Kegel exercises are quick squeezes that help strengthen your pelvic floor muscles. Once you locate your pelvic muscle, squeeze them for a count of ten then release them. Do this a few times, taking a moment to breathe and relax each time afterward. By strengthening your pelvic floor, you are toning your muscles, which will help you gain control over them when you have to push during labor (via American Pregnancy Association). 

Other benefits include less urinary leakage when laughing or sneezing and a reduced chance of hemorrhoids, as well as the fact that it can shorten your labor when pushing out the baby. While Kegels may not put you into labor, doing them regularly can make it easier for you to control your muscles when that fateful moment comes.

Pelvic tilts

As you know, being pregnant can do a number on your back and pelvis. To help stretch your spine and relieve some back and pelvis pain, you can try some pelvic tilts. Pelvic tilts or "pelvic rocking" is a good way to help with pain, as well as give your baby that much-needed nudge to move down into the birth canal (per Healthline). As you get ready for labor, performing these exercises on a birth ball can also help correct the position of the baby, says a 2019 study in the International Journal of Women's Health and Reproductive Services.

To try this exercise at home, Baby Center recommends getting down on all fours so your hands and knees are on the floor. To ensure you're in the correct position, your arms should be shoulder-width apart, and your knees must be hip-width apart. Once you make sure your elbows are unlocked, take a deep breath in, curling your spine inward. Then, return to a neutral position as you exhale. Do this three to five times as you follow the pace of your breath.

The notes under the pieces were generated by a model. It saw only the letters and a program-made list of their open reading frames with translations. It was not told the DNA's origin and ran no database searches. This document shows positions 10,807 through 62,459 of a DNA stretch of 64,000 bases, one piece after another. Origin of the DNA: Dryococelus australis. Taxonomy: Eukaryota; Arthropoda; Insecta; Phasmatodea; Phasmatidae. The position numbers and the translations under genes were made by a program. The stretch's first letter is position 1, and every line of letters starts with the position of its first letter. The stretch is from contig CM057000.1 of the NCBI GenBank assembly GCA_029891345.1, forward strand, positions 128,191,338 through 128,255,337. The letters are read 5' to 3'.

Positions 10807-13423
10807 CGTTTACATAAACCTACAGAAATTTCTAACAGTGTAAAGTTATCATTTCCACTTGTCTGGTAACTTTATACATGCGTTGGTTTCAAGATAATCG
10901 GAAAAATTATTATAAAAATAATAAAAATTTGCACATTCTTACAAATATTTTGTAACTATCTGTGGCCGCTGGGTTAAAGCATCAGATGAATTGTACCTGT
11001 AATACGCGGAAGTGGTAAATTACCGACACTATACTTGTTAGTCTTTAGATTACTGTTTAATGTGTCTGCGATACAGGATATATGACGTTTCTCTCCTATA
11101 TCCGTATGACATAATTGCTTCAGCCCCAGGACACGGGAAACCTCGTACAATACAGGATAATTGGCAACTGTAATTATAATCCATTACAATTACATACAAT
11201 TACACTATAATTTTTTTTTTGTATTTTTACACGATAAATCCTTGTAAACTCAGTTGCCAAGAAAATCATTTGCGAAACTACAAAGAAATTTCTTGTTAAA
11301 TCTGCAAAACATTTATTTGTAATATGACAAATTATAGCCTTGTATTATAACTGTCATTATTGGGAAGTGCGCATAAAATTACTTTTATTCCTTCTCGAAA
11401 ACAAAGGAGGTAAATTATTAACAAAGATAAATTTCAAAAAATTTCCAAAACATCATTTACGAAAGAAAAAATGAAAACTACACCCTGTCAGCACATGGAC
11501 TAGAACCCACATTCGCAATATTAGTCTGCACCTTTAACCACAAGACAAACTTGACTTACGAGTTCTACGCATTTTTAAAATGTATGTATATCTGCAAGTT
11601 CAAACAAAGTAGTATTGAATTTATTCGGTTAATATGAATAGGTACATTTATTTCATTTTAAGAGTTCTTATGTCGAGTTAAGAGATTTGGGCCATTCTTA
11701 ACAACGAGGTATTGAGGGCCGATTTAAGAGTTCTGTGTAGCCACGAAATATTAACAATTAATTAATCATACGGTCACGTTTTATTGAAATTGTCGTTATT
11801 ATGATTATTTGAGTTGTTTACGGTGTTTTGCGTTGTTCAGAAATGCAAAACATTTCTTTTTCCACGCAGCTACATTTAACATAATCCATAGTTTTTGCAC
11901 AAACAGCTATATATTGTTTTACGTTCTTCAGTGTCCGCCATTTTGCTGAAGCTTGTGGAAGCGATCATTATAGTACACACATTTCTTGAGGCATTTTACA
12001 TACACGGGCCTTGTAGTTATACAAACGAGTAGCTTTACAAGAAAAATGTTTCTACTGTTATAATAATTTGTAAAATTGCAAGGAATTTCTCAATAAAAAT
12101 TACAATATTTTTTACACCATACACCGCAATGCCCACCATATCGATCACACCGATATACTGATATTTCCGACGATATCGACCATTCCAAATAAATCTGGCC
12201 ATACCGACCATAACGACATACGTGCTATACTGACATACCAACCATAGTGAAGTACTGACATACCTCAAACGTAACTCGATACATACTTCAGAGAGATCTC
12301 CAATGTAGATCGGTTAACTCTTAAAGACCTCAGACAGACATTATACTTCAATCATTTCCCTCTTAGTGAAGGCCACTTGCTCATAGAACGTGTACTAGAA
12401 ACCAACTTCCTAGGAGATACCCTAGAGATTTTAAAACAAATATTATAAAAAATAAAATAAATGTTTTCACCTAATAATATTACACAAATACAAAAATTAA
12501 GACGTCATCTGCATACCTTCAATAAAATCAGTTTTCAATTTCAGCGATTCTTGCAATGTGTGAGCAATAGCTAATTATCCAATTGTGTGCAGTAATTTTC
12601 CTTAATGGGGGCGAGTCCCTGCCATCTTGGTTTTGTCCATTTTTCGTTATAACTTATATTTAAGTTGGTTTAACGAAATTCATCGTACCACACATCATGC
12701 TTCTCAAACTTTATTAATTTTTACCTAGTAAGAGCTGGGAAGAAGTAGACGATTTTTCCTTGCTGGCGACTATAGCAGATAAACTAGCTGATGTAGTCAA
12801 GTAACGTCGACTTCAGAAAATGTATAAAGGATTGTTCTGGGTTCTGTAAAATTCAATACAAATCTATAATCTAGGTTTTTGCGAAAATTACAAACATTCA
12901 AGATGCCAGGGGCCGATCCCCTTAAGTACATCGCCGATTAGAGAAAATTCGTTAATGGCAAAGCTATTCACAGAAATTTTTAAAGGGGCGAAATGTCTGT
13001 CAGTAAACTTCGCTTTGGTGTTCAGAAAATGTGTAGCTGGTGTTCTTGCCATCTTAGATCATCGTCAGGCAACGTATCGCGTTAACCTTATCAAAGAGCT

Exercise birthing ball

Another way to get into the delivery room faster is to try out an exercise birthing ball. While it may not get you into labor, it can help get the ball rolling so your baby is in the right position (via New Kid Center). 

Sitting on the ball can help to open up your pelvic region and put pressure on your cervix, which can encourage the uterus to contract. If your baby is breech (which is not the correct position for delivery), move up and down or sway on the ball. This can help guide your baby into the right position, so they can descend the birth canal correctly. An exercise birthing ball can also help the blood to flow to your pelvic region quicker, which will in turn keep your baby healthy.

With that said, before you use an exercise ball to help induce labor, be sure you get the go signal from your doctor.

Slow dance

If you're looking for a fun way to bring yourself closer to labor, then try dancing the baby out of you. While it may not directly induce labor, it can help move things along once you're in labor (via Southdale Obgyn). 

We're not suggesting any wild dance moves, though — just some slow dance moves that will help open your hips and pelvis and speed up dilation. To help you progress through labor, Lamaze suggests slow dancing with your partner by swaying your hips side to side. This will help the baby to descend, as well as relieve any discomfort.

If you're not a high-risk pregnancy or have any other serious health issues, then it's okay to try and induce labor by dancing, according to Michigan State University professor Dr. James Pivarnik (via Self). Additionally, he doesn't suggest performing any dances for an extended period of time. Instead, some moderate dancing to a few songs may help get the labor to progress.

Happy baby pose